Stimulus representation in anisotropically connected spiking neural networks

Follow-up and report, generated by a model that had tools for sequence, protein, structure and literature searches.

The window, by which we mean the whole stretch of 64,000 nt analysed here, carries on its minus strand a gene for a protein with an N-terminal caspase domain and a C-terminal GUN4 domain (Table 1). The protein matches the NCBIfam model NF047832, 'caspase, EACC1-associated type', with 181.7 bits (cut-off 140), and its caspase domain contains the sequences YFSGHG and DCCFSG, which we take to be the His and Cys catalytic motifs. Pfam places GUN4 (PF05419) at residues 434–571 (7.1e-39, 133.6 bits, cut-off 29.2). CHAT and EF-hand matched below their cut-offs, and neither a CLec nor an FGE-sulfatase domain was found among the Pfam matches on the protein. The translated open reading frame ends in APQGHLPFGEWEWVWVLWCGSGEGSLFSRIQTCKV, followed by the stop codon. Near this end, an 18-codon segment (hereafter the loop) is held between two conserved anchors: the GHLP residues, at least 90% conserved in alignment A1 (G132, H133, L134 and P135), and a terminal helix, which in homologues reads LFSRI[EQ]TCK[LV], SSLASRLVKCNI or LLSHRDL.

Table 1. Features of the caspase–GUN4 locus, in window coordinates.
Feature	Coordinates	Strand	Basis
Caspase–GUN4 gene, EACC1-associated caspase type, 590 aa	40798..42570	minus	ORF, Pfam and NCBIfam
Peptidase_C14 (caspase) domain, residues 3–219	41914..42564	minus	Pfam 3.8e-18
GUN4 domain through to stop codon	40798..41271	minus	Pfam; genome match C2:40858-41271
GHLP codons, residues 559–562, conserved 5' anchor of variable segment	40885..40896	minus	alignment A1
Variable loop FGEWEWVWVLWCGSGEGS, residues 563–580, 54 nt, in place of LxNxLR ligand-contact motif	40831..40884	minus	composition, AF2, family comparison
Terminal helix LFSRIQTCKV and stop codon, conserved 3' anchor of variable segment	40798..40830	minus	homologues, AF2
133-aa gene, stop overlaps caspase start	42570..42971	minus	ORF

Abstract: Biological neuronal networks are a key object of study in the field of computational neuroscience, and recent studies have also shown their potential applicability within artificial intelligence and robotics . They come in many shapes and forms, and a well known and widely studied example is the liquid state machine from 2004 . In 2019, a novel and simple connectivity rule was presented with the introduction of the SpreizerNet . The connectivity of the SpreizerNet is governed by a type of gradient noise known as Perlin noise, and as such the connectivity is anisotropic but correlated. The spiking activity produced in the SpreizerNet is possibly functionally relevant, e.g. for motor control or classification of input stimuli. In 2020, it was shown to be useful for motor control . In this Master’s thesis, we inquire if the spiking activity of the SpreizerNet is functionally relevant in the context of stimulus representation. We investigate how input stimulus from the MNIST handwritten digits dataset is represented in the spatio-temporal activity sequences produced by the SpreizerNet, and whether this representation is sufficient for separation. Furthermore, we consider how the parameters governing the local structure of connectivity impacts representation and separation. We find that (1) the SpreizerNet separates input stimulus at the initial stage after stimulus and (2) that separation decreases with time when the activity from dissimilar inputs becomes unified.
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